Posted on June 29, 2016
Last week, ADAO reached a milestone in a journey more than six years in the making. As most of you already know, on June 22 President Obama signed into law The Frank R. Lautenberg Chemical Safety for the 21st Century Act, marking a landmark step forward toward banning asbestos in the United States.
During the White House signing ceremony, President Obama explained why the new law is needed:
“…the system was so complex, so burdensome that our country hasn’t even been able to uphold a ban on asbestos –a known carcinogen that kills as many as 10,000 Americans every year. I think a lot of Americans would be shocked by that.”
At the request of Sen. Barbara Barbara Boxer, who relentlessly fought for ADAO’s push for Toxic Substances Control Act (TSCA) negotiation throughout the years, Emily and I were honored to represent the asbestos advocate community at the presidential signing of this monumental bill. It was the most unforgettable experience, beyond any achievement Doug Larkin and I could have ever imagined when we co-founded ADAO 12 years ago. In his remarks before signing, President Obama called out asbestos, describing it as “a known carcinogen that kills as many as 10,000 Americans every year.” This is the first time any sitting president has publicly acknowledged the deadly nature of this awful chemical, and I know I speak for the whole ADAO community when I say this meant the world to us.
ADAO owes a deep debt of gratitude to the many members of Congress who fought so hard to improve TSCA and protect public health. We would be remiss to not also extend sincere thanks to every Congressional staffer and volunteer who helped push this bill through to fruition. We are especially grateful to Sen. Barbara Boxer, who has been ADAO’s strongest champion, for ensuring TSCA reform would prioritize asbestos.
This new legislation reforms the U.S.’s badly broken, 40-year-old Toxic Substances Control Act from 1976. The old TSCA severely limited the regulatory scope of the Environmental Protection Agency (EPA), to the point where the agency was unable to successfully ban asbestos.
For us, the 2016 TSCA reform eliminates two significant obstacles from the 1976 TSCA that endangered public health and our environment:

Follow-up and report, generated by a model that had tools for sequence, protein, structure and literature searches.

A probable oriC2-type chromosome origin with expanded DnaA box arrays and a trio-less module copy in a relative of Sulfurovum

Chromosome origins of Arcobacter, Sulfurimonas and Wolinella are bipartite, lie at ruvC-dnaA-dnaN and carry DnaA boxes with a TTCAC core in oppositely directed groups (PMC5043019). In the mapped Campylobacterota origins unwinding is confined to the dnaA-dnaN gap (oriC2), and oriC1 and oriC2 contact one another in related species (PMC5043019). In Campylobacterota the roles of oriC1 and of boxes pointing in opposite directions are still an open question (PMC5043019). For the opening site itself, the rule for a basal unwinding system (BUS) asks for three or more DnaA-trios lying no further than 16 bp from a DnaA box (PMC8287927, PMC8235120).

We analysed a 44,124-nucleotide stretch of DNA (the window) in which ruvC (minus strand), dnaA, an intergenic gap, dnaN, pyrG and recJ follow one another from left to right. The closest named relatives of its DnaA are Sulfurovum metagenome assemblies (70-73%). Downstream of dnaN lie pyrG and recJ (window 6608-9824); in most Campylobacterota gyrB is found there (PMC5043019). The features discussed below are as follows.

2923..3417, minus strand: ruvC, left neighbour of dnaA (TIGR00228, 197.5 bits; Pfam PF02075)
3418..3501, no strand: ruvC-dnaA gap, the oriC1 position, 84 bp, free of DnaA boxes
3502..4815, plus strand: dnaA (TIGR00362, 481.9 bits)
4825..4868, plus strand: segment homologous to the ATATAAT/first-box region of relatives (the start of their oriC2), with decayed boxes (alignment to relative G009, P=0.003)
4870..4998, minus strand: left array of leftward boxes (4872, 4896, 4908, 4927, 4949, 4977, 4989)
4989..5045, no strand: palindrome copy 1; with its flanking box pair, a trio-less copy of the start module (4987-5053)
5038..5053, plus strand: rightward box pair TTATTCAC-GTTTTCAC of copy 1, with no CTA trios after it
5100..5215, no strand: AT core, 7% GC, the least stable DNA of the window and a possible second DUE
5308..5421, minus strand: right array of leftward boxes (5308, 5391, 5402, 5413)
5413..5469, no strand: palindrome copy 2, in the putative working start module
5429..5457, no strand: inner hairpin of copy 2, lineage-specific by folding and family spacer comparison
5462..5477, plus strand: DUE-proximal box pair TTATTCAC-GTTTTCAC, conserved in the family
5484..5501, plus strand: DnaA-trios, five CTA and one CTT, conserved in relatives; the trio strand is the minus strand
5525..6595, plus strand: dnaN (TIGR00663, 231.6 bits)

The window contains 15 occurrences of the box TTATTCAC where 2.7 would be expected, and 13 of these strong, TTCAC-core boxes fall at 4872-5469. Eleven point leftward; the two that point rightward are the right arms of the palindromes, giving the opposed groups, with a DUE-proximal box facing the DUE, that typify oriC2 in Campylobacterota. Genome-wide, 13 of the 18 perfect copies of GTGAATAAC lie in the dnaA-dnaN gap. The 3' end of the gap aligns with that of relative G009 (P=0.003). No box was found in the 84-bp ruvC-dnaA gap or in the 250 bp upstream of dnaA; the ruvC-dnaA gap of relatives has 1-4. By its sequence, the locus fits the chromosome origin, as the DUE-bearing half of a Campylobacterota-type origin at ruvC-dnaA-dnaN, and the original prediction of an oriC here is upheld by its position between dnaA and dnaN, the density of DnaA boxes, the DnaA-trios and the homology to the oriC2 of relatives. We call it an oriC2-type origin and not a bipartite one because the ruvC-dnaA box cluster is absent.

- Risks of a chemical must be balanced against its benefits and cost of any restriction or ban
- The EPA must choose the least burdensome means of adequately protecting against unreasonable risk
Under this new legislation, the EPA is empowered to ban and regulate chemicals that are “toxic, persistent, and bioaccumulative,” like asbestos, without concern for industry cost or any other non-risk factor.
2016 TSCA will also require the EPA to:
- Consider the most vulnerable populations, such as pregnant women and children
- Regulate (or ban if needed) the chemicals that build up in our bodies and persist in the environment
- Review existing and new chemicals based on a health-based standard, and not the cost of any restriction or ban
- Review and regulate other “high priority” chemicals, including chemicals stored near drinking water sources
- Meet risk assessment and management deadlines
As EPA Administrator Gina McCarthy said, “this law is a huge win for public health, and EPA is eager to get to work.”
Although this is time to celebrate, our work continues to raise awareness, strengthen prevention, and stop asbestos imports for once and for all. ADAO will remain a stakeholder at the table and vigilantly work to ensure the EPA expeditiously takes regulatory action that results in a full asbestos ban. While at the signing ceremony, Emily and I connected with 25 members of Congress and many fellow stakeholders to begin scheduling meetings to work on the next steps of TSCA implementation. ADAO will be hosting our 10th Congressional staff briefing in the coming months to get the ball rolling and focus the fight on asbestos.
It may have taken us six years to get to this point, and it is absolutely a hard-earned victory, but it is truly just the beginning of using TSCA to ban asbestos. President Obama’s mention of asbestos ahead of the signing, as well as Sen. Boxer’s mention of it in a recent Senate floor speech is proof that our voices were heard. However, the ADAO community must stay active and engaged to make sure Congress continues to hear our message–that’s where you all come in. Share your stories with ADAO, and keep spreading the word and sharing ADAO’s content on social media. The power of your social sharing skills is a force to be reckoned with, and here’s the proof:
- Our video of Obama discussing asbestos got nearly 8,000 views in less than 48 hours, after being shared more than 250 times on Facebook alone, reaching international audiences.
- Our recent Donald Trump blog in the Huffington Post was shared more than 150 times on Facebook, resulting in nearly 2,000 reads in more than 30 countries!
Your social sharing also helps to point the media in our direction, which extends the reach of ADAO’s message even further. So far, we’ve been mentioned in articles in Bloomberg BNA, Cold Truth, Science Blogs, The San Francisco Chronicle, SF Gate, and several others.
This victory makes it clear—the hard work you’ve all dedicated to ADAO truly IS making a difference, and helping to make America safer for everyone. Each and every one of you is a hero for this. Together, lets continue fighting the good fight until no one has to know the asbestos-caused suffering we’ve known.
In unity and in victory,